The clinic requires the a whole pile of blood work that tests for anything and everything including STIs, HIV, mineral and vitamin deficiencies etc. Next up is the Day 3 blood work and ultrasound- tests done on the third day of the surrogate’s cycle to ensure that all the hormone levels are where they should be for Day 3. Next is essentially a full physical including a pap smear etc. With this appointment comes the longest and most invasive list of medical questions you could imagine. Lastly, if anything comes up in that, then she would need to follow up with specialists for clearance prior to proceeding.
Step 5: Get your Surrogate and Yourselves Psychologically Approved ($$ – ~$600-$1000)
Yep. Next step is for you and your partner to sit with a psychiatrist to determine if you are able to go through with this process. It isn’t easy for anyone, but there are also huge social, moral, and legal implications. Have we thought everything through?
Once that is passed, it’s your surrogates turn. She gets to sit on the hot seat and have a psych doc evaluate her mental capacity to ensure she is up for the task. One hour of answering tough questions about how, why, and what is about to happen. If your surrogate has a partner, the partner must also be included and pass the above testing.
Once you and the surrogate have the official ok that as separate parts you are sane enough to move forward, you then have the final appointment- An hour session with all included parties to discuss how we feel about moving forward, how it will work, ensuring we understand each others needs and clarify that yes, we are sane.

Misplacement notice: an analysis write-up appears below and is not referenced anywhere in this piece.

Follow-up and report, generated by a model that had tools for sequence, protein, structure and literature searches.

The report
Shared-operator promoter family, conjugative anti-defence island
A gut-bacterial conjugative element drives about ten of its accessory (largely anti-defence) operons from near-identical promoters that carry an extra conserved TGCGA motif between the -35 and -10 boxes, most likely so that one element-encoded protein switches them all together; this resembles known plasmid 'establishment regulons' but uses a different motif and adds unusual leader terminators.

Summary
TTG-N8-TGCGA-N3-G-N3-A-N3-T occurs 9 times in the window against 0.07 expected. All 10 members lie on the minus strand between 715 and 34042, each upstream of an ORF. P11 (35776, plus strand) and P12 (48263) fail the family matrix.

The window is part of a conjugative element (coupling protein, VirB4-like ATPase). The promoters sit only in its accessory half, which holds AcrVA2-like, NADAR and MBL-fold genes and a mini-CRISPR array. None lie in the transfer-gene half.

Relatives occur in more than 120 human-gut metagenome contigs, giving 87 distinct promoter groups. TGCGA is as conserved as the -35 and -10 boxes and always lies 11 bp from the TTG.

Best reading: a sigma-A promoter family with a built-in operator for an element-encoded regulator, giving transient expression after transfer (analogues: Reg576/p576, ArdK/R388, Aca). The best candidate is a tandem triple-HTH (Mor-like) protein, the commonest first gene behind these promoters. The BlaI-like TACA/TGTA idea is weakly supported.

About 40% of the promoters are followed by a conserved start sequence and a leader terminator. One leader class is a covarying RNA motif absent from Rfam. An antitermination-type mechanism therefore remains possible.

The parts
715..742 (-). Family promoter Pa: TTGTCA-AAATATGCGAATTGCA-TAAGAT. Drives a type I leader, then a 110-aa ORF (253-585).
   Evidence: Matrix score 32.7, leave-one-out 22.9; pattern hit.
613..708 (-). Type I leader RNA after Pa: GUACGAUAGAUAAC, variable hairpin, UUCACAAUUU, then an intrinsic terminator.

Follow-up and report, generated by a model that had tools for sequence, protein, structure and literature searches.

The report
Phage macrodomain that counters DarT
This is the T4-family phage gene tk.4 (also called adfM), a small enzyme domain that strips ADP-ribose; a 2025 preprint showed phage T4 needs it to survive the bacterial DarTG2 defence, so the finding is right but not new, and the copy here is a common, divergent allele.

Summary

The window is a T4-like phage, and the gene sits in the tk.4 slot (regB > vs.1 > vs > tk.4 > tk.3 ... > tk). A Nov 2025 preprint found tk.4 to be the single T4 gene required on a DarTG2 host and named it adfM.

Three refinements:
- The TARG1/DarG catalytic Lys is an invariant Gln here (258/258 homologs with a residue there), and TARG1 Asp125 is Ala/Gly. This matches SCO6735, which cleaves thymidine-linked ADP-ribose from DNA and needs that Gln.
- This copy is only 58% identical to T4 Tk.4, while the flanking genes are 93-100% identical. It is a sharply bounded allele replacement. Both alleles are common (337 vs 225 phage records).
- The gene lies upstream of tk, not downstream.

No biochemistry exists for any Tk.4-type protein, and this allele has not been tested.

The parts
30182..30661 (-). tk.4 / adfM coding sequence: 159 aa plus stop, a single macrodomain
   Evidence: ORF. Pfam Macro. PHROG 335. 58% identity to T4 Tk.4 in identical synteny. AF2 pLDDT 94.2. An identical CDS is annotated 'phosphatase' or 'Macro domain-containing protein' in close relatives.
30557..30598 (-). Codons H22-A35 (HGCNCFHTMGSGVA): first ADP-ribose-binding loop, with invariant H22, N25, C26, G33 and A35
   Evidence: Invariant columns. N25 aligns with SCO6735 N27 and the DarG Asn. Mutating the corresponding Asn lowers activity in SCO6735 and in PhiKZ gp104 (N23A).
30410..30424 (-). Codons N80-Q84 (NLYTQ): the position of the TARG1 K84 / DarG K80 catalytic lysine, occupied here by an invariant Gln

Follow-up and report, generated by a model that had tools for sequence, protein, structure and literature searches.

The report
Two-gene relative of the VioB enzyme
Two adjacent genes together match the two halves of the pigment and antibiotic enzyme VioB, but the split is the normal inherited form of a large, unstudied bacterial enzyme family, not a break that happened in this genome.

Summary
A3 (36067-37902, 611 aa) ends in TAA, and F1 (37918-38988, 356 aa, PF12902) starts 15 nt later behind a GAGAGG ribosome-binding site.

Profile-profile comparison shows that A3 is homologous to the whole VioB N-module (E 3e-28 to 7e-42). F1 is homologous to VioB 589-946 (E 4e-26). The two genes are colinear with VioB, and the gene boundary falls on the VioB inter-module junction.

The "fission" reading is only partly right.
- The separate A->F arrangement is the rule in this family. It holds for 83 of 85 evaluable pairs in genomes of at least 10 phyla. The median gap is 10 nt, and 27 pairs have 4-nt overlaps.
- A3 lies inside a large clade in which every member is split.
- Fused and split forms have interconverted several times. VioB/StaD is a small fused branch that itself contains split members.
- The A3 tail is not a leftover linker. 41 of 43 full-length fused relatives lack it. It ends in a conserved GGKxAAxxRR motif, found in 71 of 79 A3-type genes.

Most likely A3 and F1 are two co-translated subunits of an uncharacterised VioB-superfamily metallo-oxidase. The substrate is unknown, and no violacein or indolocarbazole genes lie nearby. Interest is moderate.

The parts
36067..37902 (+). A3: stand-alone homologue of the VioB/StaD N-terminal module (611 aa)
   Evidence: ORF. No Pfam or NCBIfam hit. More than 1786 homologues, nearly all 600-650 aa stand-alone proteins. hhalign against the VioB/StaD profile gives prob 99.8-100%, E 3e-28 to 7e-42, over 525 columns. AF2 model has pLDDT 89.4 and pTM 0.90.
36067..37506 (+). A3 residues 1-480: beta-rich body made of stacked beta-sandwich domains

Step 6: Legal ($$$$- Two laywers btw $5000 – $10,000 total)
Next up- find a surrogacy lawyer who will draft a surrogacy contract. This is a necessary step required by the clinic prior to initiating any procedures. This contract will clarify a bunch of the detailed information such as the maximum amounts for expenses, what the medical agreements are, how many embryos, how many tries, when would we terminate the pregnancy, when would we selectively reduce, what tests and pre-natal care is expected, who will attend appointments, who will attend the birth… etc etc etc
We draft the initial agreement with our lawyers. The surrogate gets an independent lawyer to review the agreement with and amend as necessary.
We go back and forth until it is acceptable and protects both parties- then it is signed off. The lawyers then confirm with the clinic that it exists and is signed off. Giving the clinic the go ahead to move forward with any procedures.
Step 7: Get your Cycles Synced up and Review your Protocol ($$$- Admin fees NOT including medications here are about $2500)
In order to get your cycles synced up, the surrogate needs to start a birth control pill to allow the clinic to ‘control’ her cycle. The pill is the same dosage each day and she needs to continue on it until told otherwise. In the meantime, the intended mother (aka me) needs to get everything in order to start a new round of IVF to grow and get the eggs to fertilize. Signing off of medical consents with the clinic happens here.
Step 8: Start synchronized cycles ($$$$- This would be a round of IVF for me and a round similar to Frozen Embryo Transfer for our surrogate PLUS medications, so for us it would be anywhere from $20,000-$35,000)
A normal process would look something like this: Surrogate starts injections to put her cycle on hold (yep- she’s now stuck poking herself with needles too…), then incorporates estrogen pills (orally and/or vaginally) to try and get her lining to thicken up to receive the embryos. In the meantime, I’d get started with injections to stimulate the follicles, take a shot to mature them, have them extracted then fertilized. Wait between 3-5 days while the eggs grow and then transfer them into our surrogates uterus.